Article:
The eighth book of the Dray Prescot series.
Dray Prescot, the Earthman who had been brought across interstellar space as the tool of the mysterious Star Lords, confronted his most baffling task while he was a hunted and harried wanderer of the continent of Havilfar. That task was to discover the means by which the aircraft of that continent's most advanced civilization operated. Prescot is no scientist, but fulfill his task he must or he would never return to the princess and homeland he had won. So, for Dray Prescot there was but one course -- with a whole continent against him, with time itself conspiring to balk him, the secrets of an unknown science must be made his...
About the Author
Alan Burt Akers is a pen name of the prolific British author Kenneth Bulmer, who died in December 2005 aged eighty-four. Bulmer wrote over 160 novels and countless short stories, predominantly science fiction, both under his real name and numerous pseudonyms, including Alan Burt Akers, Frank Brandon, Rupert Clinton, Ernest Corley, Peter Green, Adam Hardy, Philip Kent, Bruno Krauss, Karl Maras, Manning Norvil, Dray Prescot, Chesman Scot, Nelson Sherwood, Richard Silver, H. Philip Stratford, and Tully Zetford. Kenneth Johns was a collective pseudonym used for a collaboration with author John Newman. Some of Bulmer's works were published along with the works of other authors under "house names" (collective pseudonyms) such as Ken Blake (for a series of tie-ins with the 1970s television programme The Professionals), Arthur Frazier, Neil Langholm, Charles R. Pike, and Andrew Quiller. Bulmer was also active in science fiction fandom, and in the 1970s he edited nine issues of the New Writings in Science Fiction anthology series in succession to John Carnell, who originated the series.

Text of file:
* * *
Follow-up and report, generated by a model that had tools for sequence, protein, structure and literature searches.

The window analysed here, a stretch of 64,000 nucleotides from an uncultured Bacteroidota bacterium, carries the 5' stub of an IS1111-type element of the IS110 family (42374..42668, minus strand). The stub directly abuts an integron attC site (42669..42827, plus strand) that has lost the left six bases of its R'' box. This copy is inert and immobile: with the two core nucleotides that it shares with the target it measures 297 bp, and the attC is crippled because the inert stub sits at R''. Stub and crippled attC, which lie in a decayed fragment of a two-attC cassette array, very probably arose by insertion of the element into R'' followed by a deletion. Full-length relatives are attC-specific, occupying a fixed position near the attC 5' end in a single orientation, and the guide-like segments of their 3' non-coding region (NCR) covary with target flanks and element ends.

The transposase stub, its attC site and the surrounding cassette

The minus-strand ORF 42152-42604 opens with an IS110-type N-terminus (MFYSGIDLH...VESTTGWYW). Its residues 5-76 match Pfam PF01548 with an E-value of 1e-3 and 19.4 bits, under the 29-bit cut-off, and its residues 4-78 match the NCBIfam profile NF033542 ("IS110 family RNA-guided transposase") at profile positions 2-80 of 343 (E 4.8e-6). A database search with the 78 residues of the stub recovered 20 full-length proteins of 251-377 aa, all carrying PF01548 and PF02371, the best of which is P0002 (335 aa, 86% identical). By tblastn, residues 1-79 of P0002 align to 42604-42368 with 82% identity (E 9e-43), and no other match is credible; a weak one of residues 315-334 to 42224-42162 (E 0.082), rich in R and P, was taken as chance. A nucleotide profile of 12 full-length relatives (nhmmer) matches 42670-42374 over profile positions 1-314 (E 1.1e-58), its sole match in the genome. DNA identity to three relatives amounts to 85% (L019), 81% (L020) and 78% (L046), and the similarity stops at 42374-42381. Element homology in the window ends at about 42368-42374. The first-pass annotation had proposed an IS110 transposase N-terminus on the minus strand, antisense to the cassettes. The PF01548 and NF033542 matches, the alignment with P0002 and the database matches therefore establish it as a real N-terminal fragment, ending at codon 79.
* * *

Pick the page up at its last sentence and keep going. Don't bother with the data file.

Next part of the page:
Read an Excerpt
"By Vox!" yelled Vangar ti Valkanium above the clamor of the gale. "This would be no time for this flier to break down."
From the forward starboard varter position I clung to a stanchion with my left hand and peered out and down. The sudden onset of the gale had cast a darkness over the bright day, and the twin Suns of Scorpio were dimmed. Through the drenching lash of rain and the erratic lightning-shot darkness I could see the lacerated surface of the Shrouded Sea. The wind slashed off the tops of the running waves, and the white roar below bellowed and flung wind-tossed spume flat and sheeting.